Residents Plead to Save 76 Birchall Drive
- Thursday, 21 July 2022 11:03
- Last Updated: Thursday, 21 July 2022 11:31
- Published: Thursday, 21 July 2022 11:03
- Joanne Wallenstein
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In a sign of a change in attitude about preservation of homes in Scarsdale, a persuasive, prepared and eloquent group of Murray Hill residents attended the July 19 meeting of the Committee for Historic Preservation to defend the mid-century modern former home of Paul and Irma Milstien at 76 Birchall Drive. Lawyers for the family had submitted an application to tear it down, and were working with a builder with plans to subdivide the property and construct two homes in its place.
This was the second meeting that an application by the Milstein’s family lawyer to demolish the house was considered. After considerable discussion on June 28, 2022, with only four committee members present, the decision was held over until July 19. 2022.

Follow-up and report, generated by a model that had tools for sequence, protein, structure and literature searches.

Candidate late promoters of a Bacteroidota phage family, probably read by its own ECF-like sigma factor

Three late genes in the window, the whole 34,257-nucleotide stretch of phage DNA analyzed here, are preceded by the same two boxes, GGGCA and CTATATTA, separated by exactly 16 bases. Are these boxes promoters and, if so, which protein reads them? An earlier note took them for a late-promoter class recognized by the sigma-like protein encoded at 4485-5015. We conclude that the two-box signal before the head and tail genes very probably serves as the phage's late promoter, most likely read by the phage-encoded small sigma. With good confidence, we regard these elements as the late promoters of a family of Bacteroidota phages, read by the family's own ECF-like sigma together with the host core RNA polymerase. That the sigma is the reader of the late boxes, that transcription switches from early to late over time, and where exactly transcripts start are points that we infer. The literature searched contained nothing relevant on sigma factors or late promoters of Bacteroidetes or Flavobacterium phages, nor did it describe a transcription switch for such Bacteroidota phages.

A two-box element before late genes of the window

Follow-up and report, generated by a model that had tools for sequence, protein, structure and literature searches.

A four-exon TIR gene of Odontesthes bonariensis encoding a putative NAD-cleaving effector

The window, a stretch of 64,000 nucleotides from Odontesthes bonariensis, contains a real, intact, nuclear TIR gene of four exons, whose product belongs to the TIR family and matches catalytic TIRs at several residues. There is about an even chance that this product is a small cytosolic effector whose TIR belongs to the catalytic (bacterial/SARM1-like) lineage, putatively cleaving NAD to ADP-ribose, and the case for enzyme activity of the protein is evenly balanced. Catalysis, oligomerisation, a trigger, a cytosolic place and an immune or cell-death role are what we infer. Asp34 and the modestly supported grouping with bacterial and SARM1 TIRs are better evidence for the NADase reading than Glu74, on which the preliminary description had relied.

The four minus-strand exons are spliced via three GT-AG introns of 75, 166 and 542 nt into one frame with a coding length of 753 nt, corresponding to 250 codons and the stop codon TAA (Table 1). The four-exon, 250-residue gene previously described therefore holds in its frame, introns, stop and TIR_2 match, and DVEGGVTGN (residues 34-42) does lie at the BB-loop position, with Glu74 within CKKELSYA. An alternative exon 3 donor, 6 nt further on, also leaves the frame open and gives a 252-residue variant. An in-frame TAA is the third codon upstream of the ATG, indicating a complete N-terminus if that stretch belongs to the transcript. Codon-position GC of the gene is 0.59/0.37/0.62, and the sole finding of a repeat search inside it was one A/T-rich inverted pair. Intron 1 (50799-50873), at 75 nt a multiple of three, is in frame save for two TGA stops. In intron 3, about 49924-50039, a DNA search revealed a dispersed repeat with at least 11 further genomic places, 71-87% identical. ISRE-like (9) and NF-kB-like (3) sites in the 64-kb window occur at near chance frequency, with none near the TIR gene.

The neighbors at the meeting were undeterred by the opinion of expert Andrew Dolkart who believed that the home did not meet the criteria for preservation. Instead, they presented evidence to demonstrate that the home did meet one, if not several of the criteria, as outlined in Village Code.
Speaking for the family, Andrew Berkman, a lawyer for the family contended that the architect who designed the home, Simon B. Zelnik was not a master, that the home was not mentioned in the 2012 Cultural Resources Survey and that alterations made to the home following a fire had undermined the integrity of the design so that its historic significance was lost.
Polled at the beginning of the meeting, the committee chair and several members of the committee agreed with Berkman. Chair Adam Lindenbaum said, “It is a tremendous house on a tremendous property but that does not mean it warrants preservation.”
Kevin Reed agreed, saying, “It’s a nice house. If I had the power of fiat I would order it preserved but we have to go by what the trustees would say – rather than our hearts.”
Mark Behr commented about the other Zelnik homes in Scarsdale. He said, “ The sad thing is that one of Zelniks house burned, we approved another to be taken down and now this – but it doesn’t elevate it to meet the code for preservation. I am leaning toward supporting the application.”